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Prime Minister Scott Morrison during a press conference with senator Michaelia Cash, Attorney-General. Picture: NCA NewsWire/Gary Ramage

Game changer: PM on Respect@Work report

Prime Minister Scott Morrison has agreed to or noted all 55 recommendations in a report on sexual harassment in the workplace, one year on from its release.

At a press conference, Morrison called the Respect@Work Report a “game changer”.

It was the product of a National Inquiry into Sexual Harassment in Australian Workplaces commissioned in mid-2018 and conducted by the sex discrimination commissioner at the Australian Human Rights Commission, Kate Jenkins.

Morrison committed to the creation of a Respect@Work Implementation taskforce to deliver legislative and regulatory reform, and to simplifying and strengthening the legal framework for employees and employers.

The government also promised to deliver education and training programs across a range of sectors, enhance data collection, and support targeted research and evidence development on prevention strategies.

The Australian Human Rights Commission found 39 per cent of women and 26 per cent of men have experienced sexual harassment in the workplace.

Morrison said: “It is not only immoral and despicable and even criminal, it denies Australians, especially women, their personal security and their economic security by not being safe at work.

“This is a culture that we all have to change for the better across our society, by changing our behaviour.”

Jenkins’ report detailed a submission from a former senior manager for an organisation in the health sector, who described systematic sexual harassment by ‘high value’ practitioners.

It read:

On a weekly basis, we were dealing with [practitioners] who were either abusing their staff in a physical manner or taking advantage of them sexually…

In 100 per cent of cases, the women would be dismissed and the [practitioner] would continue practising his predatory ways with the next unsuspecting nurse to be employed into his practice…

[The] organisation would do everything to cover the situation up… so that [the practitioner] could continue to generate revenue for the company.”

And a former nurse also detailed the experience of colleagues who cared for a middle-aged married man who would expose himself to staff despite only being treated for a simple leg fracture. “All of the nurses that had to look after him felt uncomfortable and no one wanted to go in and do the nursing care that was required,” the statement read.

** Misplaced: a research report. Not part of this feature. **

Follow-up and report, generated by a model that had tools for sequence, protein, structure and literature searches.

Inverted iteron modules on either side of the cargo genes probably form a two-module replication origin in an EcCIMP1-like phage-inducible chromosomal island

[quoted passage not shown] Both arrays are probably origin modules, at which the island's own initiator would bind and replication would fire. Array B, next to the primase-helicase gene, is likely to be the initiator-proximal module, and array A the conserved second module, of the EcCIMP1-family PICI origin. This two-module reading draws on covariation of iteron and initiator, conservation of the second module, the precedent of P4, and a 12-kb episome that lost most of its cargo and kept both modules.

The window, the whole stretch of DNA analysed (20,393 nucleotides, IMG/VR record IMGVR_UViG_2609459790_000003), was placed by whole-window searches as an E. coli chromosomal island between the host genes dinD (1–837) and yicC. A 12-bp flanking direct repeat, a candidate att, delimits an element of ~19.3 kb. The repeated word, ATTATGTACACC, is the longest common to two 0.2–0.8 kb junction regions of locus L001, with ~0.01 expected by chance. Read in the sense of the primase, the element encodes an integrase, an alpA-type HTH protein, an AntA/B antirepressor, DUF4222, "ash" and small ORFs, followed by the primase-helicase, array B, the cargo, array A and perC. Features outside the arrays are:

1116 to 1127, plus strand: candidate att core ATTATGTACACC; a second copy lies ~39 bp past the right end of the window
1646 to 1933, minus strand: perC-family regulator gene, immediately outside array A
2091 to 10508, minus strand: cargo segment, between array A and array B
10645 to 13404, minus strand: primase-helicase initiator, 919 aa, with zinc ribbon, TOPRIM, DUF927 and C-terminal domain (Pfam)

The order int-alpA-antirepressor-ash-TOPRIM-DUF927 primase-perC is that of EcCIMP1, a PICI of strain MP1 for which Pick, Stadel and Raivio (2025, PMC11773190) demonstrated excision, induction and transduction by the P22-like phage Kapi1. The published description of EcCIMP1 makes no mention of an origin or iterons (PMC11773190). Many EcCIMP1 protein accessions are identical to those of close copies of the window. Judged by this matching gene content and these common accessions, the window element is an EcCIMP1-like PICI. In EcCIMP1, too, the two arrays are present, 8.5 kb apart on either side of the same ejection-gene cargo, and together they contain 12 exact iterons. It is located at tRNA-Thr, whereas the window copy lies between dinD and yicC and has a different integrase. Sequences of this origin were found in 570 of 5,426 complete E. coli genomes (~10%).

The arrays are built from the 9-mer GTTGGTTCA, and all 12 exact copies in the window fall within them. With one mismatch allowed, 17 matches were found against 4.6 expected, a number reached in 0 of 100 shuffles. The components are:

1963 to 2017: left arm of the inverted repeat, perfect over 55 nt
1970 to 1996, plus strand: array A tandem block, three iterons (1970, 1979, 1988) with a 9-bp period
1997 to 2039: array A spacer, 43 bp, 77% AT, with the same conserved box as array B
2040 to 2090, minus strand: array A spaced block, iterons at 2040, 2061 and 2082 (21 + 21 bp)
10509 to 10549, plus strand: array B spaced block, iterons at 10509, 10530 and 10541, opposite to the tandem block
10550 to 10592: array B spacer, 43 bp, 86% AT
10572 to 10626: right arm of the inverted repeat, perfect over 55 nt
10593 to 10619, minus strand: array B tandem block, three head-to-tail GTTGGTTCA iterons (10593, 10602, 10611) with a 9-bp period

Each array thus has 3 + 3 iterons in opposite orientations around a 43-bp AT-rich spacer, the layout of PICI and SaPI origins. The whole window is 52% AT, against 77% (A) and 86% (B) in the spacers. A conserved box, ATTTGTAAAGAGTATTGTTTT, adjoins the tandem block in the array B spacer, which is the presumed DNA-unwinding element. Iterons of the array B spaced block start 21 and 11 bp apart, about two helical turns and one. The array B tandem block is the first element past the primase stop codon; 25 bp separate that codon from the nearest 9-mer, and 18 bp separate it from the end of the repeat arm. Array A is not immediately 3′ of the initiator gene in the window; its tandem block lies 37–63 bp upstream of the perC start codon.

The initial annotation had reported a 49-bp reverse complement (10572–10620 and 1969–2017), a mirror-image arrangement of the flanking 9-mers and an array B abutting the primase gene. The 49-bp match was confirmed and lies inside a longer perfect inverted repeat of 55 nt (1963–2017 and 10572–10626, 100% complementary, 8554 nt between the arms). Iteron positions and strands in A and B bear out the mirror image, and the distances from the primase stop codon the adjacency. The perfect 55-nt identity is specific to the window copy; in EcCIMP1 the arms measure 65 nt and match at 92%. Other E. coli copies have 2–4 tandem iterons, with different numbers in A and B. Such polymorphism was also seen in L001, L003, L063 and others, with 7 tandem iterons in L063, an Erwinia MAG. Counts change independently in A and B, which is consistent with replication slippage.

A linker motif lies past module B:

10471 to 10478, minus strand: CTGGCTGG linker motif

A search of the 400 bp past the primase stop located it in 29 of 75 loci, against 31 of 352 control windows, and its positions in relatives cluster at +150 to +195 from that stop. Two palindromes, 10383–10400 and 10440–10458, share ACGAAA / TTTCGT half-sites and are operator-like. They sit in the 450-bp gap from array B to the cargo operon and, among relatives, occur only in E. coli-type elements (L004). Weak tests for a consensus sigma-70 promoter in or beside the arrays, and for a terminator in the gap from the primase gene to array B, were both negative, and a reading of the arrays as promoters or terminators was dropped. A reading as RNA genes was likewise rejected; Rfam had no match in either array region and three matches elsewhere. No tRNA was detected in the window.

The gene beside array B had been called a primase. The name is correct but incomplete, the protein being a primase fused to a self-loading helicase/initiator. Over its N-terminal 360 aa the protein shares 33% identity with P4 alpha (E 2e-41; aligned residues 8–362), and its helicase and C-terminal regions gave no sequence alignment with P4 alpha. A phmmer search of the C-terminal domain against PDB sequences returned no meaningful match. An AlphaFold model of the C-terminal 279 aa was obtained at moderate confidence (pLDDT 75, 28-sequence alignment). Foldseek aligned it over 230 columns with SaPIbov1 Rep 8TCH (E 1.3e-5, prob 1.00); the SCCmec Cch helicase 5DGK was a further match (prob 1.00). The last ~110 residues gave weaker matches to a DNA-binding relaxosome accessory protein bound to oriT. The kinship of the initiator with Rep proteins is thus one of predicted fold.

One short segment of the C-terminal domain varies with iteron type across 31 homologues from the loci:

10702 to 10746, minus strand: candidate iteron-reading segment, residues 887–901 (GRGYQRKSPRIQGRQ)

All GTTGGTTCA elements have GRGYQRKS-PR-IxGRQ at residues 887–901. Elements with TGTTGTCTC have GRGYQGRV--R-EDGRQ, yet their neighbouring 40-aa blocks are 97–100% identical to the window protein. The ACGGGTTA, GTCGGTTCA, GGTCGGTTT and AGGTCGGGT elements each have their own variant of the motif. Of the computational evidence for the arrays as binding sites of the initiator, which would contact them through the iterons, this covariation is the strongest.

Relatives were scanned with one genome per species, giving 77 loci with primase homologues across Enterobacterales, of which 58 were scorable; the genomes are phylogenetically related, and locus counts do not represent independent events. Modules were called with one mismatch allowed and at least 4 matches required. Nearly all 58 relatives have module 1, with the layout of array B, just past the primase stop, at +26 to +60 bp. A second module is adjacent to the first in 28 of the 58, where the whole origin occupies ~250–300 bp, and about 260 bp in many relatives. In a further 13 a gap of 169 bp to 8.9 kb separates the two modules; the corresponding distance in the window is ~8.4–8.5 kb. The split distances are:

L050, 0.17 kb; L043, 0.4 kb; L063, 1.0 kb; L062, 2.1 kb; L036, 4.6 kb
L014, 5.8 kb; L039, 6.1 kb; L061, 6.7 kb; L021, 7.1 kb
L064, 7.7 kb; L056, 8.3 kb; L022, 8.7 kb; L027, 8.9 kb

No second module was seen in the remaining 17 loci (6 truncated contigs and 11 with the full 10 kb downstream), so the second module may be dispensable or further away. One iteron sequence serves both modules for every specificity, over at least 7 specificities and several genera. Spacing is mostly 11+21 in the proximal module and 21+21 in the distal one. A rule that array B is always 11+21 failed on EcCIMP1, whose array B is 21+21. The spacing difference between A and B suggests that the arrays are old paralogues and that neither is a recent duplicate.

The Commission heard nurses, midwives and workers providing social assistance services experienced high levels of sexual harassment from customers and clients.

A nurse in a public hospital told the Commission:

I have been groped, threatened, and had crude remarks made about me. These are not isolated incidents. Crude comments about your appearance are weekly, if not daily. I have had my breasts squeezed, my private parts groped, a patient attempt to insert a finger into my vagina through my uniform, told to wear tighter clothes and told that I would be a good fuck.”

The Australian Nursing and Midwifery Federation (ANMF) told the Commission that “a significant cultural challenge in health is to change the perception that experiencing violence at work ‘is part of the job’”.

“The ANMF also noted that the perception that some patients are not responsible for their actions due to their clinical or personal circumstances could also be used to excuse sexually harassing behaviour, which posed a ‘significant barrier’ to reporting sexual harassment and managing potential risks,” the report read.

Attorney-general Michaelia Cash said the report highlighted that the issue is not about one person or one industry. “This is a societal problem that requires a societal response.”

Morrison pushed back on an assertion that it took nearly two months of reports of sexual assault and harassment within federal government for his party to respond in full to the report.

“Last year was a very extraordinary year. We would all agree with that. There were many issues that we were not enabled to advance last year because of the demands and pressures of COVID.

“For example, not on one occasion last year was I asked about this matter in the House of Representatives, nor were my ministers.

“But that said... we did provide our initial response in last year's Budget.”

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